Never before have candidate vaccines been developed from scratch, tested on animals and completed early stages of human clinical trials all under six months. This is an acid test for vaccine science and development and the outcomes will have far-reaching consequences either way.
With novel coronavirus continuing to spread across continents infecting over 14.7 million people and killing over 0.6 million so far, the race to find effective drugs to treat COVID-19 patients and vaccines to prevent infections has been progressing at a blistering pace.
While drugs that have been permitted for use under emergency use authorisation have all been repurposed to treat COVID-19 patients, never before have candidate vaccines been developed from scratch, tested on animals and completed early stages of human clinical trials all under six months. If normally candidate vaccines take at least a few years to reach the stage of clinical evaluation, some experts are “cautiously optimistic” that by the end of the year or early 2021 we might know if one or more vaccines are safe and effective, and vaccines might even become “available”.
Even in the case of the Ebola vaccine tested during the 2014 outbreak in Guinea, research and animal studies had been conducted prior to the outbreak. In the case of the H1N1 vaccine, the well-developed influenza-based technology enabled quick development but not before the pandemic peaked in the U.S and many European countries. But in the case of the coronavirus, 24 candidate vaccines are already in clinical evaluation and another 142 are in the preclinical evaluation stage.
With most countries managing to only flatten the curve and not totally stop the spread, the possibility of new surges cannot be dismissed. There is overwhelming evidence that protection and herd immunity against the virus can be achieved only through vaccination.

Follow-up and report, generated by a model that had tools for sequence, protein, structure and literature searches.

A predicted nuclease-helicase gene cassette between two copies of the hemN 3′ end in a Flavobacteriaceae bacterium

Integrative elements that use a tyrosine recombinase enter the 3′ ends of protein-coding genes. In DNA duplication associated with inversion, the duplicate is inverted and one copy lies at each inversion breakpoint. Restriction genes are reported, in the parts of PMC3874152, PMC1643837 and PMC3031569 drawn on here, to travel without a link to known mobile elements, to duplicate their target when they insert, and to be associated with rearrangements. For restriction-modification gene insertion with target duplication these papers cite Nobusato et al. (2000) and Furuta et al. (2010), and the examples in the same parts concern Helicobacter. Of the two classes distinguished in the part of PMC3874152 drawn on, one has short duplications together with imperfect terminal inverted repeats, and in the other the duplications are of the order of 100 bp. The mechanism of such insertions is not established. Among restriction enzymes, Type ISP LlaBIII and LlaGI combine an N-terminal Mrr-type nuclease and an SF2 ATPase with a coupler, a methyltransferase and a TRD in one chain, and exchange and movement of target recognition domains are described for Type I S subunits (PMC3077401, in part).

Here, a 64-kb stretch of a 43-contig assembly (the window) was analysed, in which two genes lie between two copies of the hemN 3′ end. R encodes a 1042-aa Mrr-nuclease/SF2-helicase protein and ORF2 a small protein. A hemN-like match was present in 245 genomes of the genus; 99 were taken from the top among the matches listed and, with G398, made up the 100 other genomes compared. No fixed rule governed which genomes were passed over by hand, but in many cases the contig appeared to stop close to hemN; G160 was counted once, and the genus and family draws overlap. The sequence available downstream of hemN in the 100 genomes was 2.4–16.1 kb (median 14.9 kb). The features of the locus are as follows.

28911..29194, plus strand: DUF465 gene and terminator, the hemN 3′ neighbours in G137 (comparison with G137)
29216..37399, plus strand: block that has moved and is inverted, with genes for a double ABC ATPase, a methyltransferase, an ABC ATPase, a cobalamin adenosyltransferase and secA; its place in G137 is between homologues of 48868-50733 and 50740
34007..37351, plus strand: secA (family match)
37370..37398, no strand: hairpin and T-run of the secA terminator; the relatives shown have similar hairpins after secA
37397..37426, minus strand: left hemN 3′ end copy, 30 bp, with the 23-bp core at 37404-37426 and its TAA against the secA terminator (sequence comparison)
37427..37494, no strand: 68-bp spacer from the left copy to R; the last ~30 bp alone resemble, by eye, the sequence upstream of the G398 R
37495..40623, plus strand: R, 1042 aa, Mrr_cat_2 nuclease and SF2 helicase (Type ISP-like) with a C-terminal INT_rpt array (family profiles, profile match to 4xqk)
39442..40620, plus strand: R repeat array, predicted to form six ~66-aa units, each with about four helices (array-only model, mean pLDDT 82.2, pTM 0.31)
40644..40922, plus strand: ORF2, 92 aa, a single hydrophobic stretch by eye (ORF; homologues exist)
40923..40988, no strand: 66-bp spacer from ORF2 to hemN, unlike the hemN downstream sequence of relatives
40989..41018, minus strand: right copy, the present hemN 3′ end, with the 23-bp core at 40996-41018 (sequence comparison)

Trials show encouraging results
One candidate vaccine developed by China using a recombinant common cold virus (adenovirus) as a vector to ferry the genetic material of the coronavirus was on June 25 approved for use exclusively by the military for one year. The approval was based on limited safety and efficacy results from phase-1 and phase-2 trials; the phase-3 trial to test the efficacy and safety of the vaccine on a large number of participants is yet to begin.
A U.S.-based company along with NIAID has found its vaccine that uses messenger RNA platform to be safe and immunogenic in a phase-1 trial. The phase-2 trial of the vaccine is currently going on and a phase-3 trial is set to begin later this month.
Interim results show that another vaccine candidate using the messenger RNA platform is safe and immunogenic in a phase-1-2 trial. Two Indian companies too have begun human clinical trials. There is this cause for cheer.
Note of caution
However, a note of caution is also in order. Past experiences with vaccine development for two coronaviruses — 2002 SARS and MERS — have shown that vaccines can “exacerbate lung disease, either directly or as a result of antibody-dependent enhancement”. Thus, the compulsion to rigorously monitor safety profiles of candidate vaccines cannot be overemphasised.
Efforts to accelerate clinical trials should not rely on shortening the follow-up period or by-passing critical steps in clinical testing but put in place protocols that allow the trials to seamlessly graduate from one phase to another.
This is an acid test for vaccine science and development and the outcomes will have far-reaching consequences either way.